Timothy P. Villagomez resigned from his position of lieutenant governor over the weekend after being found guilty of federal criminal charges on Friday.
A federal jury found Villagomez, former Commerce Secretary James A. Santos, and Joaquina V. Santos guilty of all charges relating to a scheme to defraud the Commonwealth Utilities Corp. through needless purchases of a de-scaling chemical called Rydlyme.
By resigning from office, Gov. Benigno R. Fitial said Villagomez made one of the most difficult decisions of his life.
“I recognize the enormous difficulties experienced by Lt. Governor Villagomez and his family at this time, and I admire the courage and fortitude displayed by Lt. Governor Villagomez in carrying out his last official act for the Commonwealth’s benefit,” Fitial said in a statement released yesterday. “I understand Tim’s decision. It is a decision he has made for his family—for his wife, six children, and grandchild—as well as for the people of the CNMI. I respect his decision and the efforts he will make to comfort his family, maintain his dignity, and restore a sense of normalcy to his life.”
Villagomez is the highest ever CNMI official to be convicted in a criminal case. He is the brother of Joaquina Santos, who is married to James Santos.
The administration is not prepared to announce an appointment to the position at this time, Charles Reyes, press secretary for the Governor’s Office, said yesterday.
“We’re taking it one step at a time,” Reyes said. “As you know, the Senate must be consulted. I expect there will be some discussion as early as (today) to resolve the issue. At this point we’re not prepared to make a statement.”
By next week, he said more should be known. He noted the conviction was announced on Friday.
“Things are happening fairly quickly,” he added.
Under the CNMI Constitution, whenever there is a vacancy in the Office of Lieutenant Governor, the governor must appoint a successor with the advice and consent of the Senate.
Reyes said there have been discussions on possible replacements, with most people assuming Finance Secretary Eloy Inos to be named to the position. Inos is running as lieutenant governor with Fitial in November’s election. This would create a vacancy in the Department of Finance that would need to be sorted out.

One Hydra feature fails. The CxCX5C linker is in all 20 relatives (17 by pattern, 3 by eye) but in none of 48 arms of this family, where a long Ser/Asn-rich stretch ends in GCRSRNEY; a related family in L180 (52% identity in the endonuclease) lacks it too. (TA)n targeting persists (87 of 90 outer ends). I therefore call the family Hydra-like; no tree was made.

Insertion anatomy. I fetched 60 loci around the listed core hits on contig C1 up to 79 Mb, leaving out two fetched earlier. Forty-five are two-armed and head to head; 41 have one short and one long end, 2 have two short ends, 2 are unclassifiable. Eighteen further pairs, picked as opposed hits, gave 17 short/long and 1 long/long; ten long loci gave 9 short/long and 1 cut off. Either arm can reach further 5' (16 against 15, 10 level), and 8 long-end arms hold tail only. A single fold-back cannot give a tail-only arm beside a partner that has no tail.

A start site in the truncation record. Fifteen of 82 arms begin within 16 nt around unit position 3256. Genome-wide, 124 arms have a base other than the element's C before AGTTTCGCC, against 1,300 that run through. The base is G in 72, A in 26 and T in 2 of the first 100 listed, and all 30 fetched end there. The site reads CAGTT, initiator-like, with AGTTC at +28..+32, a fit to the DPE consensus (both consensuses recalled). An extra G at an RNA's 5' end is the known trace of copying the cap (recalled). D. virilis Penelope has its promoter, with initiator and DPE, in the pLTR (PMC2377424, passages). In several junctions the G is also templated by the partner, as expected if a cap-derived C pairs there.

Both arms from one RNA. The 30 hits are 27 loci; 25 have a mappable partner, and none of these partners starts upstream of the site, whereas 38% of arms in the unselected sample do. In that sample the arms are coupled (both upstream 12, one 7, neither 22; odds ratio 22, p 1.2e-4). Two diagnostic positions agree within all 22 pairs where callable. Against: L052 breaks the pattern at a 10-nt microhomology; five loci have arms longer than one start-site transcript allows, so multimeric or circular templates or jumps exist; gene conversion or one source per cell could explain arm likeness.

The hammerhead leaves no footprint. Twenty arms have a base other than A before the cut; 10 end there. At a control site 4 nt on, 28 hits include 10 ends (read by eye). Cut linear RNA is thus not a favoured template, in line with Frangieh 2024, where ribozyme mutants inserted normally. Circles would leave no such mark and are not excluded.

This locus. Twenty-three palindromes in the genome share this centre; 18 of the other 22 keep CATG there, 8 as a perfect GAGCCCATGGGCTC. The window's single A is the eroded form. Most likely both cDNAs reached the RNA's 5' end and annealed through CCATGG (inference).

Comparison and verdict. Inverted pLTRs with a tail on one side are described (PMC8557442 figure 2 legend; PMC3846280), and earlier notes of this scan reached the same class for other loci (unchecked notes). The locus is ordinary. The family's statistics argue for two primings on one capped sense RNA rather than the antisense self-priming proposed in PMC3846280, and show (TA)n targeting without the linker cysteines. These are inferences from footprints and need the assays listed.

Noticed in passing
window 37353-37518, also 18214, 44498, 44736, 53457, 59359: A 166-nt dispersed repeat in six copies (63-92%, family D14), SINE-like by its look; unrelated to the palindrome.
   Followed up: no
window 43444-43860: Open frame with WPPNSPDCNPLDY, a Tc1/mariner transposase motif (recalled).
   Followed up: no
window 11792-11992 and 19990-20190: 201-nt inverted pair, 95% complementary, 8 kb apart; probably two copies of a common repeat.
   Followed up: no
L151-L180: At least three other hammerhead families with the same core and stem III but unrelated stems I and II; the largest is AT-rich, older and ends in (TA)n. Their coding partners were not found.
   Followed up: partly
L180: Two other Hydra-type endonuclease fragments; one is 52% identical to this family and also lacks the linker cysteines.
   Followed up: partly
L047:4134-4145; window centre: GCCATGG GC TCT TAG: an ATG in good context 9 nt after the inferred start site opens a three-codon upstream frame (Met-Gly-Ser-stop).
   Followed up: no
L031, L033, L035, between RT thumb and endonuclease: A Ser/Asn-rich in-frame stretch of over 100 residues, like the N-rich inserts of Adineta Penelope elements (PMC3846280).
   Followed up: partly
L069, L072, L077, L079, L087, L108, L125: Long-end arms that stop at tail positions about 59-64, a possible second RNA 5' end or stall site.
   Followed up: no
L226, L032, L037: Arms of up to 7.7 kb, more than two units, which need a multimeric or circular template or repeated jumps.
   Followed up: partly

‘Always his decision’
Rep. Tina Sablan had called on Villagomez to resign after the indictment was handed down in August. She also introduced a resolution in the House of Representatives in February that would have created a committee to investigate the charges against Villagomez and report recommendations on whether there was cause for impeachment. The resolution failed to get enough votes to pass.
Press secretary Reyes said the decision to resign has always been up to Villagomez.
Even if Villagomez had not resigned from the office over the weekend, the Constitution states that no person convicted of a felony in any jurisdiction of the United States may hold the Office of Governor or Lieutenant Governor unless a full pardon has been granted. Villagomez would need a presidential pardon because the case was tried in federal court.
Santos voluntarily resigned from his post as Commerce Secretary in August, after he was indicted.
Fitial, in his statement, said he always enjoyed having a good working relationship with Villagomez, adding that he is grateful for the service the former lieutenant governor provided on the Water Task Force, the Coral Reef Task Force and the CNMI’s Military Task Force, as well as representing the CNMI at the Interior’s Island Business Opportunities Conference in 2007, and passing legislation in an acting capacity on numerous occasions.
“Most of all, I am grateful to Tim for the role he played when I underwent medical treatment during my first year in office as Governor. Tim capably handled the affairs of government during my absence and served the Commonwealth well during that time,” the governor stated. “In considering recent events, I hope that more people in the Commonwealth will consider the lasting impact that a court’s decision can have on a man’s life and family.”
After less than six hours of deliberation, the jurors found Villagomez and James Santos guilty of conspiracy to defraud and to commit offenses against the U.S., wire fraud, theft concerning a program receiving federal funds, and bribery concerning a program receiving federal funds.
Joaquina Santos was found guilty of conspiracy to defraud and to commit offenses against the U.S., wire fraud, aiding and abetting to commit theft concerning a program receiving federal funds, and bribery concerning a program receiving federal funds.
U.S. District Court for the NMI Chief Judge Alex R. Munson set the sentencing for July 28, 2009. After the sentencing, the defendants will have 10 days to file a notice of appeal. As of Friday, it was not known if Villagomez and the Santoses would appeal.
The maximum penalty for wire fraud is 20 years in prison, while the other counts range from five to 10 years.
Munson allowed the defendants to remain free pending their sentencing.